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Two switch forward topology WEIRD waveform and efficiency issue

arvinfx

Member
Hi ,

I am repairing a double ended forward SMPS and I have 2 problems first see the waveform of transformer:

Core waveform.png

As you can see when mosfets go off, there is a huge jumping . normally it has to be like blue line is , but in my case it goes up and gradually comes down as I mention by read arrow.
First I found out the SMPS consumes to much power when it is on and without any load. after that I investigate more and end up to that bouncing I mention above.

So any idea would help me to know what is the main problem.

Thanks
 
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Diver300

Well-Known Member
Most Helpful Member
I think that it's just the normal ringing after the diode has turned off.

When the switch is on, the voltage is high.

After the switch turns off the voltage drops rapidly and the diode turns on, keeping the voltage from going much below 0V.

Once the inductor current has dropped to zero, the diode stops conducting. After the diode turns off, and before the next switching cycle, there are no low impedance sources connected. There is some capacitance due to the diode, switch and winding inductance, and that resonates with the winding inductance to give a damped sine wave.

In this case, there is about one cycle of oscillation before the next switching cycle.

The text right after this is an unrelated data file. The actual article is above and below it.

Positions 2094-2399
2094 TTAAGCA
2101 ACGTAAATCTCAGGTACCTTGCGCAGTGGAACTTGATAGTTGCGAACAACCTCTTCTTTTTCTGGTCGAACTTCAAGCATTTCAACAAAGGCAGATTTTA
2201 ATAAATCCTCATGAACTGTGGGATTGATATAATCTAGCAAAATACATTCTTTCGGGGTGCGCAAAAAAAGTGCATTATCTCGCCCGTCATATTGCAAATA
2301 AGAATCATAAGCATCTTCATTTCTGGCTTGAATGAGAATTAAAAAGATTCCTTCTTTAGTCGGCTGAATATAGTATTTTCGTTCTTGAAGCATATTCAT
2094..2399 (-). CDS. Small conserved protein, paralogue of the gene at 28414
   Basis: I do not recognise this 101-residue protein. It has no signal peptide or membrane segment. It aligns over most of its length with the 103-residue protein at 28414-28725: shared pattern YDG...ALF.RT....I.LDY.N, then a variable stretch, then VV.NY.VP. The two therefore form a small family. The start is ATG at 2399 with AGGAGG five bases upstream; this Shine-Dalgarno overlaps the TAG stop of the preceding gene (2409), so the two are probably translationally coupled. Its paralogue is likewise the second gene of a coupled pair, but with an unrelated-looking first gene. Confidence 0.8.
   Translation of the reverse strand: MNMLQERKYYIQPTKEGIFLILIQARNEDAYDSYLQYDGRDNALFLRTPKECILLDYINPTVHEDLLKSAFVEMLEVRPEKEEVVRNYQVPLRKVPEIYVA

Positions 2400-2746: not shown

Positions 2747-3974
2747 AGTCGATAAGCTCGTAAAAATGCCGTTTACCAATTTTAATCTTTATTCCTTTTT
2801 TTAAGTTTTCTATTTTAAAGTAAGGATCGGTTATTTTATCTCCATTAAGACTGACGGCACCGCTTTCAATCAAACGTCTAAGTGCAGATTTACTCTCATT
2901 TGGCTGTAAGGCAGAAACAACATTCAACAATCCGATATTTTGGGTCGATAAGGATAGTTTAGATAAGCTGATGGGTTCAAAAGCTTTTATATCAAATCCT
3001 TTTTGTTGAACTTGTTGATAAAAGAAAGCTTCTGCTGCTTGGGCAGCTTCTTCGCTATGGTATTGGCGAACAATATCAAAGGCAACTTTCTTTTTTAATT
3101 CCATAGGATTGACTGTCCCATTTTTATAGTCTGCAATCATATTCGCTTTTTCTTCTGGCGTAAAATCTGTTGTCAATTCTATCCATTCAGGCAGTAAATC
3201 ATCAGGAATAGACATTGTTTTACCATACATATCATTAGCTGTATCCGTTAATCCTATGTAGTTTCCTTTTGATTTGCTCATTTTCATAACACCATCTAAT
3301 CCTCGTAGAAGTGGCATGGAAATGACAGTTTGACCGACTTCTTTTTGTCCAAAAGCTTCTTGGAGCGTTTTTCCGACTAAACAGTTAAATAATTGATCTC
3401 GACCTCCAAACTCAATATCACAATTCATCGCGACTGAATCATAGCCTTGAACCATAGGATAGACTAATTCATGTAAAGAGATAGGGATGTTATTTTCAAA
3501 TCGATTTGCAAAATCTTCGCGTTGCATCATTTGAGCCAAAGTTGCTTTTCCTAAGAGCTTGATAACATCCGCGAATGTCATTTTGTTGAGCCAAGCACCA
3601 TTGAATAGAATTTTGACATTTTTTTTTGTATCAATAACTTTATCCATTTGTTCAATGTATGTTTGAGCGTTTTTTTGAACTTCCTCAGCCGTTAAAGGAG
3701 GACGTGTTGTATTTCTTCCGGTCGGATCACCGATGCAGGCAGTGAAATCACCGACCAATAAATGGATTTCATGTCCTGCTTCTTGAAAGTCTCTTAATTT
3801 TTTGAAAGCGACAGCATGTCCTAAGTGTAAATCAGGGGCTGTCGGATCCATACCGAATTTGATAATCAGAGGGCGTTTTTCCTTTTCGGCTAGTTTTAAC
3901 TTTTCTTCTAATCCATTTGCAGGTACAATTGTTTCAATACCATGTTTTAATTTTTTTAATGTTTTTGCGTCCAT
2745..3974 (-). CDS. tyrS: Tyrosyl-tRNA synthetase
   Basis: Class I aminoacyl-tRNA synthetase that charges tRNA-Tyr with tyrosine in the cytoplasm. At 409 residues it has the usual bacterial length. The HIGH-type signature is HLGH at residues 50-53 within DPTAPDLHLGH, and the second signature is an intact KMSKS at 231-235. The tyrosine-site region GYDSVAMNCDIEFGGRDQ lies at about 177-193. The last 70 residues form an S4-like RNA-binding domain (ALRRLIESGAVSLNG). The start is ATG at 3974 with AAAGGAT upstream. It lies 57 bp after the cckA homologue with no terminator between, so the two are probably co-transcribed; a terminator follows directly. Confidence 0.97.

arvinfx

Member
Do you have a schematic that you can share?

Looks like one of the MOSFETs is not turning on.
Don't have schematic , But generally I checked it is a normal two-switch forward or double-ended forward with FAN4800 controller. It is something like this:
ML4800-64984-14.jpg


If one mosfet doesn't turn on , SMPS won't turn on.
 
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Diver300

Well-Known Member
Most Helpful Member
Also, on that circuit, when Q1 and Q2 are off, and neither D3 nor D4 is conducting, the voltage on either end of the primary winding can be just about anything that is above ground and less than Vin.

A similar thing happens with linear power supplies, made from a mains frequency transformer feeding a bridge rectifier. When the voltage is away from the peaks, and no diodes are conducting, the voltage from a winding terminal to the output isn't well defined. The shape of the waveform, as seen on an oscilloscope, can vary a lot when the diodes aren't conducting, depending on stray capacitance etc.
 

arvinfx

Member
This wave is the PWM outpout from FAN4800 :
PWM-OUTPUT.png

And this is PWM on gate-source of low-side mosfet :

PWM-GATE-SOURCE.png

Is this two waveforms normal?
 
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arvinfx

Member
gentleman

I have found exactly same same SMPS.
Just now I have checked all wave-forms above on new SMPS ,wave-forms are same as repaired one that we were talking about.

So the only issue now is the high consuming current on repaired one. i don't know were to search for it ?! it is near double! even when SMPS is off
 

Diver300

Well-Known Member
Most Helpful Member
gentleman

I have found exactly same same SMPS.
Just now I have checked all wave-forms above on new SMPS ,wave-forms are same as repaired one that we were talking about.

So the only issue now is the high consuming current on repaired one. i don't know were to search for it ?! it is near double! even when SMPS is off
How much is double? Amperes is a common unit for current.
 

Diver300

Well-Known Member
Most Helpful Member
Can you measure the power factor?

If the power factor correction is working, then the difference of 300 mA represents around 70 W, and that means that something is getting hot. Whatever it is should be easy to find.
 

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